Informational Site NetworkInformational Site Network
   Home - Steel Making - Categories - Manufacturing and the Economy of Machinery

Steel Making

Annealing Of Rifle Components At Springfield Armory
In general, all forgings of the components of the arms manufa...

Blending The Compound
Essentially, this consists of the sturdy, power-driven separa...

Refining The Grain
This is remedied by reheating the piece to a temperature slig...

The crankshaft was the most highly stressed part of the entir...

Effect Of Different Carburizing Material
[Illustrations: FIGS. 33 to 37.] Each of these different p...

Piston Pin
The piston pin on an aviation engine must possess maximum res...

The Care Of Carburizing Compounds
Of all the opportunities for practicing economy in the heat-t...

Non-shrinking Oil-hardening Steels
Certain steels have a very low rate of expansion and contract...

The Leeds And Northrup Potentiometer System
The potentiometer pyrometer system is both flexible and subst...

The Influence Of Size
The size of the piece influences the physical properties obta...

High-carbon Machinery Steel
The carbon content of this steel is above 30 points and is ha...

There is no mystery or secret about the proper annealing of d...

Process Of Carburizing
Carburizing imparts a shell of high-carbon content to a low-...

Tensile Properties
Strength of a metal is usually expressed in the number of pou...

Hardening High-speed Steel
In forging use coke for fuel in the forge. Heat steel slowly ...

Molybdenum steels have been made commercially for twenty-five...

Take Time For Hardening
Uneven heating and poor quenching has caused loss of many ve...

Crucible Steel
Crucible steel is still made by melting material in a clay or...

Application To The Automotive Industry
The information given on the various parts of the Liberty eng...

Effects Of Proper Annealing
Proper annealing of low-carbon steels causes a complete solu...

Short Method Of Treatment


In the new method, the packed pots are
run into the case-hardening furnaces, which are heated to 1,600 deg.F.
On the insertion of the cold pots, the temperature naturally falls.
The amount of this fall is dependent upon a number of variables,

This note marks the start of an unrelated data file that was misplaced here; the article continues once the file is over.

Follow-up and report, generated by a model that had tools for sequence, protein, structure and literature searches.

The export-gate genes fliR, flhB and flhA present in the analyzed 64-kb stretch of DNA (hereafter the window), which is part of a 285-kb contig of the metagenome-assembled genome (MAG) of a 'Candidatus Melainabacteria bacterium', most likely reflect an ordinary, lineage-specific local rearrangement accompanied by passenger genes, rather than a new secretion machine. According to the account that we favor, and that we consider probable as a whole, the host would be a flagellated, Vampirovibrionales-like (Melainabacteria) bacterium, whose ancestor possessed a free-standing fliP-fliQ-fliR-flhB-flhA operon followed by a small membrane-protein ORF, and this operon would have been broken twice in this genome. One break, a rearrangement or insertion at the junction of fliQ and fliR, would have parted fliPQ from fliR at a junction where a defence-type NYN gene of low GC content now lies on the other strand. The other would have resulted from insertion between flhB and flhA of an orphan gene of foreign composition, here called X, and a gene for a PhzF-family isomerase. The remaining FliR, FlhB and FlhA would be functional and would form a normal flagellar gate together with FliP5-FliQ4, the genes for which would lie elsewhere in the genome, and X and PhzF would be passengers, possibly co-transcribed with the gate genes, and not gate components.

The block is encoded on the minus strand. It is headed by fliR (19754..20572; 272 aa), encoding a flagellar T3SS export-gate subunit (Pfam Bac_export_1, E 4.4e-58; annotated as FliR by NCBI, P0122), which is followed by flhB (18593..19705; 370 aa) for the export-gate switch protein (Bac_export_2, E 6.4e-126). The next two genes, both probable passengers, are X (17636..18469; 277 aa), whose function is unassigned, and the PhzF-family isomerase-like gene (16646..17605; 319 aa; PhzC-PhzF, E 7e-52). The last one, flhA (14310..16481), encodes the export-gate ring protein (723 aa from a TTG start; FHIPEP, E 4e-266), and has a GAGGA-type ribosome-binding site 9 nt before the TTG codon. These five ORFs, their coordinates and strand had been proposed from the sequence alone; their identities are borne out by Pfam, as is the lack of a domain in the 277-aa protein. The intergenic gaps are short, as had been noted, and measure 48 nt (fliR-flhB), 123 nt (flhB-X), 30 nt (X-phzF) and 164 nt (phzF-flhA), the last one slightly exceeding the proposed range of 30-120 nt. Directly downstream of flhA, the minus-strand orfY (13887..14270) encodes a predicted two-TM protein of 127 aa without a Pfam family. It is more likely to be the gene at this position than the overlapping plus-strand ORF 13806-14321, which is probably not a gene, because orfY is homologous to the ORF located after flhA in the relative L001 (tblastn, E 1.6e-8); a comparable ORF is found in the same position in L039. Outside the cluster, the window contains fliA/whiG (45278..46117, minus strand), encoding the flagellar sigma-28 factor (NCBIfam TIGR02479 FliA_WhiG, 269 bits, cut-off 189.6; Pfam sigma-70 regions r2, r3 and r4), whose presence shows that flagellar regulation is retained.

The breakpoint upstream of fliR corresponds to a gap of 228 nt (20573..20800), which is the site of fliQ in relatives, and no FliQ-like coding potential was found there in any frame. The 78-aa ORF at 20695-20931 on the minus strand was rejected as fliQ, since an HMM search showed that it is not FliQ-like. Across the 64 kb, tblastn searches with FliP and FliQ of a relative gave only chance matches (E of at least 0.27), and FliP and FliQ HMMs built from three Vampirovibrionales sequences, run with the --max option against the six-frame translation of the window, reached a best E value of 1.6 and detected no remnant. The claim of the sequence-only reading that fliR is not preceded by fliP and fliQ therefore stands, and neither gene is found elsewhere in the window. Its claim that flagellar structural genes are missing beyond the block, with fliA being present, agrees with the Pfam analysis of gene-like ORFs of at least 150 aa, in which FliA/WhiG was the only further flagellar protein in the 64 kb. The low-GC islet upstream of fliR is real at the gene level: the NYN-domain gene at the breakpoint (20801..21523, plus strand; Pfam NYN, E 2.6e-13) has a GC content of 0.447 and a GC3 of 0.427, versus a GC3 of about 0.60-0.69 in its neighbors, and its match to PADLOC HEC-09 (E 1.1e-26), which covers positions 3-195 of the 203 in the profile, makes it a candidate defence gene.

but it averages nearly 500 deg.F. as shown in the pyrometer chart,
Fig. 61. The work and furnace must be brought to 1,600 deg.F. Within
2-1/2 hr.; otherwise, a longer time will be necessary to obtain
the desired depth of case. On this work, the depth of case required
is designated in thousandths, and on crown gears, the depth in
0.028 in. Having brought the work to a temperature of 1,600 deg.F.
the depth of case mentioned can be obtained in about 5-1/2 hr. by
maintaining this temperature.

As stated before, at the top of each pot are several test pieces
consisting of a whole scrap gear and several sections. After the
pots have been heated at 1,600 deg.F. for about 5-1/4 hr., they are
removed, and a scrap-section test-piece is quenched direct from
the pot in mineral oil at not more than 100 deg.F. The end of a tooth
of this is then ground and etched to ascertain the depth of case.
As these test pieces are of exactly the same cross-section as the
gears themselves, the carburizing action is similar. When the depth
of case has been found from the etched test pieces to be satisfactory,
the pots are removed. The iron ball then is dropped into the tube
to seal the hole in the bottom of the pot; the cover and the tube
are removed, and the gears quenched direct from the pot in mineral
oil, which is kept at a temperature not higher than 100 deg.F.

Next: The Effect

Previous: The Packing Department

Add to Add to Reddit Add to Digg Add to Add to Google Add to Twitter Add to Stumble Upon
Add to Informational Site Network

Viewed 2963